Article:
In those days when we would catch lobster. We would break their backs with a stick and put them in the pots for bait. The butterfish, hind, oldwife and grouper that they attracted to the lobster were much more desirable then. Later when there was a good market for lobster, we would catch lobsters. When I was young there was no diving, as there was no diving glasses. We would hunt lobsters at night in the shallows. We used a coconut stalk and burn it, and have one ready when that one went out. It was very bight, and the lobsters would be attracted to it. We used a forked stick to pin the lobsters, and then someone would put them in a crocus sack.
Some of the men were farmers, and they would never go out in boats, but they would fish from the land. They would chum with soldier crabs pounded up with sand. The lobsters would come up and eat the chum and they would be able to catch them on hook and line. You had to pull them in fast as the lobster could file the hook and you would lose it.
A Hunting Story
It was winter, and the ground sea was so strong that you could hear it pound the cliffs on the north side. Enrique George was out on the north shore hunting goats with his two dogs. He didn’t return.
The next day we organized a search party and radioed Tortola for help. The police from Tortola found his shoes on Mutton rock. He probably took off his shoes for better footing when he went down with his dog after the goat. One of the dogs was also missing. A great wave from the ground sea must have washed him into the sea from the cliffs high above the north shore.
Walk to Mill Round with Ivan Chinnery 10/6/94
We meet Ivan at seven AM by Foxy’s. It’s quiet and people are sweeping up and starting their day. Sand flies; Skin so Soft works against them! Ceddy is there. Ivan’s daughter comes down the hill to go to school. The trail starts at the western end of Great Harbor west of Rudy’s Place. A lady is calling her goats and they come. Everyone is friendly.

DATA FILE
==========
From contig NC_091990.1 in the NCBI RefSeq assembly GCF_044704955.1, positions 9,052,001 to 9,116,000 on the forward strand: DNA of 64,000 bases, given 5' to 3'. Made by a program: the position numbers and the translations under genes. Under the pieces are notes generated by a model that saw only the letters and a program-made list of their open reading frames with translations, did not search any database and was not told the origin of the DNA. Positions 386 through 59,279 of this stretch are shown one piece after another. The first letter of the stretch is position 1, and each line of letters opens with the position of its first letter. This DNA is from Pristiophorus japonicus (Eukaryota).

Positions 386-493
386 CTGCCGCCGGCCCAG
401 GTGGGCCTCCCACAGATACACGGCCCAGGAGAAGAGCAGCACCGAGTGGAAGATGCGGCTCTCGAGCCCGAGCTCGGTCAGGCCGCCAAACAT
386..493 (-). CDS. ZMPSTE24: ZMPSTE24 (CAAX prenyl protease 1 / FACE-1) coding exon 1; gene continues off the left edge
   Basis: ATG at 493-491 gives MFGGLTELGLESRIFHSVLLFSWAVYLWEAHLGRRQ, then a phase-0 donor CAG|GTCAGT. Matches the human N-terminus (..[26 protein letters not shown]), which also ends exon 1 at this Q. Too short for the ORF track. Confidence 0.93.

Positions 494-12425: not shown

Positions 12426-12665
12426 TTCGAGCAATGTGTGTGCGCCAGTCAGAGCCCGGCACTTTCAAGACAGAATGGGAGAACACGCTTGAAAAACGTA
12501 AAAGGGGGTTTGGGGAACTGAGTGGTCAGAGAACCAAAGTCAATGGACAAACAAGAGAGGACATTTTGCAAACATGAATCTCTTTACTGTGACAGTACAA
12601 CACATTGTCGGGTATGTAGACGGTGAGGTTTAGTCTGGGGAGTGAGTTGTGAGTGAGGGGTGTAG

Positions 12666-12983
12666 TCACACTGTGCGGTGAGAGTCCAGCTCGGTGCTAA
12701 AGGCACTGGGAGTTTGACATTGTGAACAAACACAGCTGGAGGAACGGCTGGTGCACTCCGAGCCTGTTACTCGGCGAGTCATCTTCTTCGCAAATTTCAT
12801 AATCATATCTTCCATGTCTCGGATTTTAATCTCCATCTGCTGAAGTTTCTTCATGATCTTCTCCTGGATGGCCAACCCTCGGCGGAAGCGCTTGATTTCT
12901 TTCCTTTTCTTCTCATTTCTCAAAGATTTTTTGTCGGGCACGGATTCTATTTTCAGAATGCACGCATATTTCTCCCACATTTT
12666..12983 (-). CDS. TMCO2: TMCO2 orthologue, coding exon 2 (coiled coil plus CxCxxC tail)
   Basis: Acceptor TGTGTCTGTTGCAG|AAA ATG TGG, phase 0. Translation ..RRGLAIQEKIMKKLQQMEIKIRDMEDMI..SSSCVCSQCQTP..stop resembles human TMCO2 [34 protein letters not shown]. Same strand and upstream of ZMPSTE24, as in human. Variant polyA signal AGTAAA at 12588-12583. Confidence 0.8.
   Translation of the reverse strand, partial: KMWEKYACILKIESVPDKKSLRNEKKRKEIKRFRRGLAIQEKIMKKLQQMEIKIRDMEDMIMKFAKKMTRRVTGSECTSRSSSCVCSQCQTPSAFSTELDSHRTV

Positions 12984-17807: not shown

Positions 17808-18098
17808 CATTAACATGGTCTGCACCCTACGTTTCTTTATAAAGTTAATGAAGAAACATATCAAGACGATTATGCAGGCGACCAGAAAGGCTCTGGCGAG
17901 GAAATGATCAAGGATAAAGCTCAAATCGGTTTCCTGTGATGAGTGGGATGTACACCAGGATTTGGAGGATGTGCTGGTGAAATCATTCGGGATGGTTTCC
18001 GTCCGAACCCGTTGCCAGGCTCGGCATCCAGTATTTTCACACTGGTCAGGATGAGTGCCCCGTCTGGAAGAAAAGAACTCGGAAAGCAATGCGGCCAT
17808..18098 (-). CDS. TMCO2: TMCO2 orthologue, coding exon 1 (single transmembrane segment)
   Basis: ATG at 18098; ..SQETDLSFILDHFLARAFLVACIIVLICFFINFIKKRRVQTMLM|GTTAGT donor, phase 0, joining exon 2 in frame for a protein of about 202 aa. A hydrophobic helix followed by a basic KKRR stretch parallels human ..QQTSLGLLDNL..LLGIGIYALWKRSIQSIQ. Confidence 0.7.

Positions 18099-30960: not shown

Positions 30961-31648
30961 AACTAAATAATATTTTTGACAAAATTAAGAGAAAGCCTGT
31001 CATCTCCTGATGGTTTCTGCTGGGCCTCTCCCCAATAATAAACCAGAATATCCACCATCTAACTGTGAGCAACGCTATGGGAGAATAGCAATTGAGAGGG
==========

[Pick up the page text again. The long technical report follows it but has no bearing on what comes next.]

This trail has been here since the days of slavery. It has been called Plantation Road. This is the Plantation Road that leads us over to Mill Round, one of the old mills where they used to process the sugar cane into sugar. So that’s where we’re headed now.
We pass an overlook. There we see a Maubi tree which has been totally stripped of its bark for the making of Maubi. This, (Ivan tells us) is the wrong way to get the bark. This will kill the tree. If the tree was cut back and the bark removed from the cut back pieces, the tree would live. It would be even more prolific in the production of new branches, and there would be even more bark for the Maubi.
Nearby is a Turpentine tree with a hollowed out area. There is a active beehive in the hollow. Ivan see’s some whist vine.
Remember I was talking to you about how line for fish pots was made. We take three of them together, and then we start twisting or lapping them over each other. Firstly we got to put a stop. These are straight veined. We twist this one to prevent breaking and tie a knot as a stop. After we make that we start to twist. When we get to the end of the shortest one we do when we make another stop for a rejoining. The stop also helps you to pull up the trap by giving you a good hold, that’s extra. We knot the new one and start again. And we will continue with that process until we get to about 210 feet or 35 fathoms. That was the average amount of line needed to set the fish traps.
To make the trap itself we split the whist down the middle. We usually get a big piece of sail canvas and put it on our knee. Then we get a good sharp knife and spilt the whist, and take the bark off the other side. Now we can commence to start weaving the fish trap. I don’t make them, but this will give you an idea about how it’s done. One of my brother makes them. As you can see there is mesh number one. This type of fish trap will catch more fish then the modern kind made of rebar and tying wire. Number one, it’s natural. Number two it sends off a natural fragrance which attracts them.